Announcement: Digital Sovereignty: Insights from Germany’s Education SectorAnnouncement:

Digital technology offers significant political, economic, and societal opportunities. At the same time, the notion of digital sovereignty has become a leitmotif in German discourse. This concept is understood as the state’s capacity to assume its responsibilities and safeguard society’s—and the individual’s—ability to shape the digital transformation in a self-determined way. The education sector is exemplary of the challenge faced by Germany, and indeed Europe. That is, harnessing the benefits of digital technology while navigating the concerns around sovereignty. The sector encompasses education as a core public good, a rapidly growing field of business, and growing pools of highly sensitive personal data.

Based on this, Prof. Dr. Christoph Meinel, Dr. Michael Galbas and Dr. David Hagebölling describe pathways to mitigating the tension between digitalization and sovereignty in their forthcoming report “Digital Sovereignty: Insights from the German Education Sector”. While there are already numerous contributions to the debate on this topic, a multi-perspective investigation with concrete recommendations for action is still a research desideratum. This is where the authors come in.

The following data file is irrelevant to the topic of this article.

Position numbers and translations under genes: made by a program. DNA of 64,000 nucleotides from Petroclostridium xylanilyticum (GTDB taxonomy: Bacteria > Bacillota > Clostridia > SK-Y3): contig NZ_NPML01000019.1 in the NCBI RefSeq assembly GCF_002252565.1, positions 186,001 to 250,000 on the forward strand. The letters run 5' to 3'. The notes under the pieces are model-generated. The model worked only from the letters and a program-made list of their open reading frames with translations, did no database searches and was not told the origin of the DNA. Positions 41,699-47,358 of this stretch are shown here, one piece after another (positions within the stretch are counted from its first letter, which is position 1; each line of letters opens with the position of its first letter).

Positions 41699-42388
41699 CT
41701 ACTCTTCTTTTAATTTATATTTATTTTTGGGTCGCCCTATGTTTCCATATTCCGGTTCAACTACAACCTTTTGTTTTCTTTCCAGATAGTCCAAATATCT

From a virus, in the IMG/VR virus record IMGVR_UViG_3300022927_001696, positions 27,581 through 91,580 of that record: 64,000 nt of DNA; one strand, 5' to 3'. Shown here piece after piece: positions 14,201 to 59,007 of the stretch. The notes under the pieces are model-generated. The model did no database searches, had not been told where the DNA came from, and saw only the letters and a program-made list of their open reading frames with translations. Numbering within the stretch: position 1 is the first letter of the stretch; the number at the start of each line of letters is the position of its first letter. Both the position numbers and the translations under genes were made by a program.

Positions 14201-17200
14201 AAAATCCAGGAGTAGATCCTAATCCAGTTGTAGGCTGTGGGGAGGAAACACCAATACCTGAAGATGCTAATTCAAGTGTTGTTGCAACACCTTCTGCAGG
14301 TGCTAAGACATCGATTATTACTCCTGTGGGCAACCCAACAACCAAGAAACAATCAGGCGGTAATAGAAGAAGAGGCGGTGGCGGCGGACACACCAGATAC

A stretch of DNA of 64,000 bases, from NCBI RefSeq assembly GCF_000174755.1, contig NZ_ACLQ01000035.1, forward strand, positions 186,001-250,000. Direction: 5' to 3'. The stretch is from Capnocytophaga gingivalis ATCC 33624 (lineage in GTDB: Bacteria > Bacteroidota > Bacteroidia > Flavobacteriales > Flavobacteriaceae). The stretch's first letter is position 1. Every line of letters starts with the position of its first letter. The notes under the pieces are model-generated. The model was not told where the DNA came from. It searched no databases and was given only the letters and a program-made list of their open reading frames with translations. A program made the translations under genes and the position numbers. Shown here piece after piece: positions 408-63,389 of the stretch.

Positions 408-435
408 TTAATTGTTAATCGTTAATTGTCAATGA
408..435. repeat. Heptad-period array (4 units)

To operationalize the concept of digital sovereignty, the report draws on the systematization of related policy measures along three key dimensions: state, economy, and individual. As opposed to political discourses and conceptual debates, this report approaches digital sovereignty from the vantage point of technical implementation: the HPI Schul-Cloud (state sovereignty), the MERLOT data spaces (economic sovereignty), and the openHPI platform (individual sovereignty). In the final section, the report situates its findings within the larger European digital policy debate and develops several recommendations for strengthening digital sovereignty in ways that align with the EU’s openness and crucial international partnerships, especially with the United States.

The article will be published in summer 2023 as a Technical Report of the Hasso Plattner Institute for Digital Engineering. Previous reports can be found here.